130 environmental demands pressed upon them by clients and by organizational rule structures (Lipsky 1976). When viewed in this context, we consider the relative decisional autonomy of building regulatory officials from political interference as a form of political "slack" or psychological freedom which allows them the latitude to attempt innovation. This is crucial since although autonomy is pursued by bureaucrats as an end in itself, it can also have extrinsic value as a promoter of change by freeing up scarce resources and by encouraging decisional discretion. For example, March and Simon conclude, after reviewing studies of worker satisfaction, that a feeling of job independence is a fundamental basis of job satisfaction (1958, p. 58). This finding is echoed by Thompson, who argues that protecting and enlarging one's sphere of independent action is a vital motivation of discretionary decision-making (Thompson 1969). The latter point is germane to bureaucrats, as Sayre and Kaufman note, "especially as they mature in their organization and in their self-awareness as cohesive groups [they] share with all other groups the aspiration to be self-sufficient and autonomous. In fact, bureaucracies appear to present one of the strongest expressions of this general tendency" (1960, p. 405). Thus, workers in general and bureaucrats in particular tend to resent "close supervision" which interferes with the drive toward autonomy (Gouldner 1964, p. 159).^ Prottas suggests that aside from any extrinsic value, autonomy has the instrumental value of providing street-level bureaucrats with =o*>i m i^^m.mUi-^ —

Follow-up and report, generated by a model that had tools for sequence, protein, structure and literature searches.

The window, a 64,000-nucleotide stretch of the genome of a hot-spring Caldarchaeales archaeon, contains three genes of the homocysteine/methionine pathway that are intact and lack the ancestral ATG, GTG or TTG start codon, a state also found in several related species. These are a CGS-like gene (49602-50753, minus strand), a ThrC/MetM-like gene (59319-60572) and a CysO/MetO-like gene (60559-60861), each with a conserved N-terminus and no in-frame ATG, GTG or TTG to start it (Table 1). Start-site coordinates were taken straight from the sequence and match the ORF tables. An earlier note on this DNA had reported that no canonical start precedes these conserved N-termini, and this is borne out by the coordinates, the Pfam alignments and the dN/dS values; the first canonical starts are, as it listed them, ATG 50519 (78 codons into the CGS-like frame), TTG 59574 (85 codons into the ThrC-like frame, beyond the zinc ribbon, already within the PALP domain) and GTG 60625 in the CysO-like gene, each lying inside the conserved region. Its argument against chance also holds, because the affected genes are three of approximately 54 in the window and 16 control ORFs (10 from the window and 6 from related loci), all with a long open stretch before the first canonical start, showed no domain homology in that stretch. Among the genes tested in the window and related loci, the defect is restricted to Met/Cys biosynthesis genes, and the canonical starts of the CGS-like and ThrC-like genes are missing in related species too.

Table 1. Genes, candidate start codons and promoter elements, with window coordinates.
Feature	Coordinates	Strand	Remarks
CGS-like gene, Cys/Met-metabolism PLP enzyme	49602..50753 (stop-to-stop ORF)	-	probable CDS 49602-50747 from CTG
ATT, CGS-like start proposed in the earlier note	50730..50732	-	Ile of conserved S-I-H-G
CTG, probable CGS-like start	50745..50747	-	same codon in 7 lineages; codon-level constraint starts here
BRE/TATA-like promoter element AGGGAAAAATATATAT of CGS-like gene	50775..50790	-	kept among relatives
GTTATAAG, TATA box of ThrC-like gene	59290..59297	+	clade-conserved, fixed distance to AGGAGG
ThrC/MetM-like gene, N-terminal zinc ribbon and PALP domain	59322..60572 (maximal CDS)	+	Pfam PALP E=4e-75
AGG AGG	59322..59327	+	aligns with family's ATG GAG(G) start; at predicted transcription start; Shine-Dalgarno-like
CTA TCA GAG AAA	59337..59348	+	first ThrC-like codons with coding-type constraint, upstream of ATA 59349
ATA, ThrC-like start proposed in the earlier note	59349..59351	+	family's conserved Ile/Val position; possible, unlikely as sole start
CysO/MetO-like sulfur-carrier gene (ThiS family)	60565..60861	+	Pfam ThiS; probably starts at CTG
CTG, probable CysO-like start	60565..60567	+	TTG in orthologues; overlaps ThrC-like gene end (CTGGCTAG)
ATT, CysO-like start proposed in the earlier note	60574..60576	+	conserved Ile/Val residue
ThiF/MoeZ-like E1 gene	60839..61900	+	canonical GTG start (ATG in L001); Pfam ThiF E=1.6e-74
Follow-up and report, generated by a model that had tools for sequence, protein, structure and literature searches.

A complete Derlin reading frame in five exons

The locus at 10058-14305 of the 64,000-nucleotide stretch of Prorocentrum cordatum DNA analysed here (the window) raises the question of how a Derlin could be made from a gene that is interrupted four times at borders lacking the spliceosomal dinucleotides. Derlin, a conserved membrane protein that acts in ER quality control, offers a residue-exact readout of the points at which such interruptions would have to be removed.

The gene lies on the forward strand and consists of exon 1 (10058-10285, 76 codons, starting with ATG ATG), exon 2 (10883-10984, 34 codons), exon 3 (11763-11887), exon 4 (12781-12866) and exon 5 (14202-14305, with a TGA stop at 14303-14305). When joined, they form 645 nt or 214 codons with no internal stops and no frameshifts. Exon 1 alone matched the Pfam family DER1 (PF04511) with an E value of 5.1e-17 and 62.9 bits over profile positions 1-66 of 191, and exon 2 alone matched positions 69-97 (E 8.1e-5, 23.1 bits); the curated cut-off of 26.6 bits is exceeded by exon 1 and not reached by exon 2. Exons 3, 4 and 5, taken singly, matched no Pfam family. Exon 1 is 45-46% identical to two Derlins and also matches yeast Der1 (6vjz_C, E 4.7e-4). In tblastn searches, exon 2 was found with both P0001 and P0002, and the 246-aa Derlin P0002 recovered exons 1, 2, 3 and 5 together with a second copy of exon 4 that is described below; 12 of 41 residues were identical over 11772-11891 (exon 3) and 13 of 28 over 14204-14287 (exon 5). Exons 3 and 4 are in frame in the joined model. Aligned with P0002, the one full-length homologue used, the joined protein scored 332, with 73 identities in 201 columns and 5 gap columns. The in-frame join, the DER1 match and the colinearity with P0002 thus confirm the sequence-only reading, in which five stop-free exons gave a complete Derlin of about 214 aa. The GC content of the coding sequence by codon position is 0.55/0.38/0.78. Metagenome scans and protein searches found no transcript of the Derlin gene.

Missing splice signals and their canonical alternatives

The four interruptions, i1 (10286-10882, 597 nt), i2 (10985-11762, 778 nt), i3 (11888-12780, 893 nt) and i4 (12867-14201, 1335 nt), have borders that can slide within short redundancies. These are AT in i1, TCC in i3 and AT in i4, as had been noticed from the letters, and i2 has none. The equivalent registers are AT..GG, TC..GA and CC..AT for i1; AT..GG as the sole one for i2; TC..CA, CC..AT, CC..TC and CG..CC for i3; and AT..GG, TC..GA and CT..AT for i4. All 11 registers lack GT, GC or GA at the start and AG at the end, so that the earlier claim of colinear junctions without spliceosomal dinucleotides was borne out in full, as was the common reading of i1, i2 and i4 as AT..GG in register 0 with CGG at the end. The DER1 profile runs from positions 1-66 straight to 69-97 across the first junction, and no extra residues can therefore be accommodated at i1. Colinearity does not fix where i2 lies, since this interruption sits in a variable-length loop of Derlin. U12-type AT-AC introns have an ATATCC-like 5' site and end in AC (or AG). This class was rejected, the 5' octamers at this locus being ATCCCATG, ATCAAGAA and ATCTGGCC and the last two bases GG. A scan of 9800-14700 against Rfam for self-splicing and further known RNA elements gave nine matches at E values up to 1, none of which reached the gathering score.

PAGE 142